10 Songs on Repeat:

1. Riot Rhythm by Sleigh Bells (2010)- A mixture of sugar-sweet pop hooks and hard-hitting noise rock riffs, Sleigh Bells often to me feel like a precursor to modern hyper-pop, with Riot Rhythm being a particularly pleasing and addictive banger.

2. Texas Rezinkoff by Mitski (2014)- There are many out there (myself included) who would argue modern indie-rock icon Mitski’s best record is her underground gem Bury Me At Make Out Creek. And the efficient yet impactful opener proves why it’s so beloved, combining soft folk with a noisy conclusion to great effect.

3. Caroline by Arlo Parks (2020)- A smooth, incredibly catchy and lowkey bedroom pop number about observing a relationship fall apart from a distance, its solid proof as to why Parks is one of the UK’s most promising rising stars.

4. A Bottle of Rum by Xiu Xiu and Liz Harris (2021)- Experimental rock provocateurs Xiu Xiu do the unthinkable on their latest single and make a straight up pop song with Grouper’s Liz Harris. That’s not to say the acoustic-driven number isn’t without their signature strangest, making me excited for their upcoming duets record.

5. Chronic Sunshine by Cosmo Pyke (2017)- Darting between indie rock, hip-hop, soul and jazz in just under five minutes, British singer-songwriter Cosmo Pyke proves himself an incredibly versatile performer in Chronic Sunshine. 

6. Superconnected by Broken Social Scene (2005)- Broken Social Scene’s self-titled record is messier than its more popular predecessor You Forgot it In People, however, its unkempt nature is often to its advantage. Superconnected is an excellent example of this, a track exploding with noise and passion and a good helping of the existential.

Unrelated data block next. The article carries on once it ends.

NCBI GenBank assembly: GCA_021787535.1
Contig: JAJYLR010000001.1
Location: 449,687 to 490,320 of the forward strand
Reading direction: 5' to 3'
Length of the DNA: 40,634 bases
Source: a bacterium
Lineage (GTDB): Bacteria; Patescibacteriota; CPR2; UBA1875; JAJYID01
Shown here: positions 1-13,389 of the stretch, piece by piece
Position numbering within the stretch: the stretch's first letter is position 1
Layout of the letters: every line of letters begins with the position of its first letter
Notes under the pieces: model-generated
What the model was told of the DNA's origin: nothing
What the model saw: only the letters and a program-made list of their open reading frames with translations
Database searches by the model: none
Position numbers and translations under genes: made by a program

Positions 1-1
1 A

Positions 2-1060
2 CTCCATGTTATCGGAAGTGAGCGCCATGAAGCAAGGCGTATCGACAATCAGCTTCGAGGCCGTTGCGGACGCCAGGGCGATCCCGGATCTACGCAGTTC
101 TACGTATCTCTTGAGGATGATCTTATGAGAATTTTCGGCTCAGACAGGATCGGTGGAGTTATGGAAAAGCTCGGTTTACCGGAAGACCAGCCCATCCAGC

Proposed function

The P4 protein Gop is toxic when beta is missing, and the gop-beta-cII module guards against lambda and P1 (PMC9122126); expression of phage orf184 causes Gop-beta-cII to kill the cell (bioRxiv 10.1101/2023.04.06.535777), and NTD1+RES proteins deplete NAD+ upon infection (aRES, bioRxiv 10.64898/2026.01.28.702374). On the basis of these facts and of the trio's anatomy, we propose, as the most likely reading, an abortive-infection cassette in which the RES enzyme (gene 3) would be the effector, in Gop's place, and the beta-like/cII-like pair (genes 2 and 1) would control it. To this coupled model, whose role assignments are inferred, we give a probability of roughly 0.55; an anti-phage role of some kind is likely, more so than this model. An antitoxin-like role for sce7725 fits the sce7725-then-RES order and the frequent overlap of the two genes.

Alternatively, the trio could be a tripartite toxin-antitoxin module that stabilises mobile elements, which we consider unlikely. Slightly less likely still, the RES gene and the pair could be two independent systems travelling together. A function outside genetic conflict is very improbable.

7. Science Fair by Black Country, New Road (2020)- By the time of publication, BCNR’s debut For the First Time will likely be out. So, to bide the time, I invite you to enjoy the anxious and incredibly frightening jazz-fusion banger that is Science Fair. 

8. Night Walk by Dirty Beaches (2013)- The murky opener of Drifters/Love Is the Devil, Canadian experimental act Dirty Beaches is one of the strangest projects I have come across in a while, and I cannot seem to get enough.

9. Killing Me Softly With His Song by Fugees (1996)- One of the biggest songs of the 90s, and for a good reason. It is simply a flawless masterpiece.

10. 24k by Tkay Maidza (2020)- A hip-house banger from Australia’s best and brightest rap artist, her 2020 EP Last Year Was Weird, Vol 2 has got to be one of 2020’s best collections of songs.

You can listen to this week’s tracks here- https://open.spotify.com/playlist/66CVdznPZuU3CXb7vqvCaQ?si=qYhRSjBCS2mihSaebG8AXw.

Quick Reviews- 

OK Human by Weezer- 5.0/10: 

Weezer are likely the strangest band in the world. Not because their music is particularly unique and singular, it’s quite the opposite. It’s the band’s insistence on creating the poppiest pop albums in existence that just makes them so… odd? OK Human, announced and released before the already recorded and scheduled Van Weezer is a perfectly inoffensive pop-rock record that leaves absolutely no lasting impression. The only real thing that really stuck with me was some of the incredibly odd lyrics from Rivers Cuomo which make no sense (referencing how Kim Jong-Un could blow up his entire city and not notice because he loves playing the piano is one that is still keeping me up at night). I don’t have much more to say about this record, only that it is another generic entry into the ever-growing Weezer canon of generic albums.

Best tracks: Screens

Nobody Is Listening by Zayn- 3.5/10: 

For his third album, Zayn proves the doubters wrong, finally certifying the fact that beyond One Direction, he has next to no talent. Nobody Is Listening is a one serious bore-fest, coming off as totally one-noted and lazy. The British pop-star might have a decent voice; however, his refusal to inject any personality into his vocal performances waste his talent. This fact is not helped but the dreary production which feels like an attempt to paint Zayn as more alternative than he comes off as. The one moment when Zayn does something interesting vocally, and the production picks up (namely, the track Sweat) is hampered by some incredibly un-sexy attempts at being sexy. I’ve said this before, but Harry appears to be the only former Directioner that can stand on his own, with Zayn now responsible for three albums ranging from below average to downright dull. 

Best track- Sweat

Collapsed in Sunbeams by Arlo Parks- 8.7/10: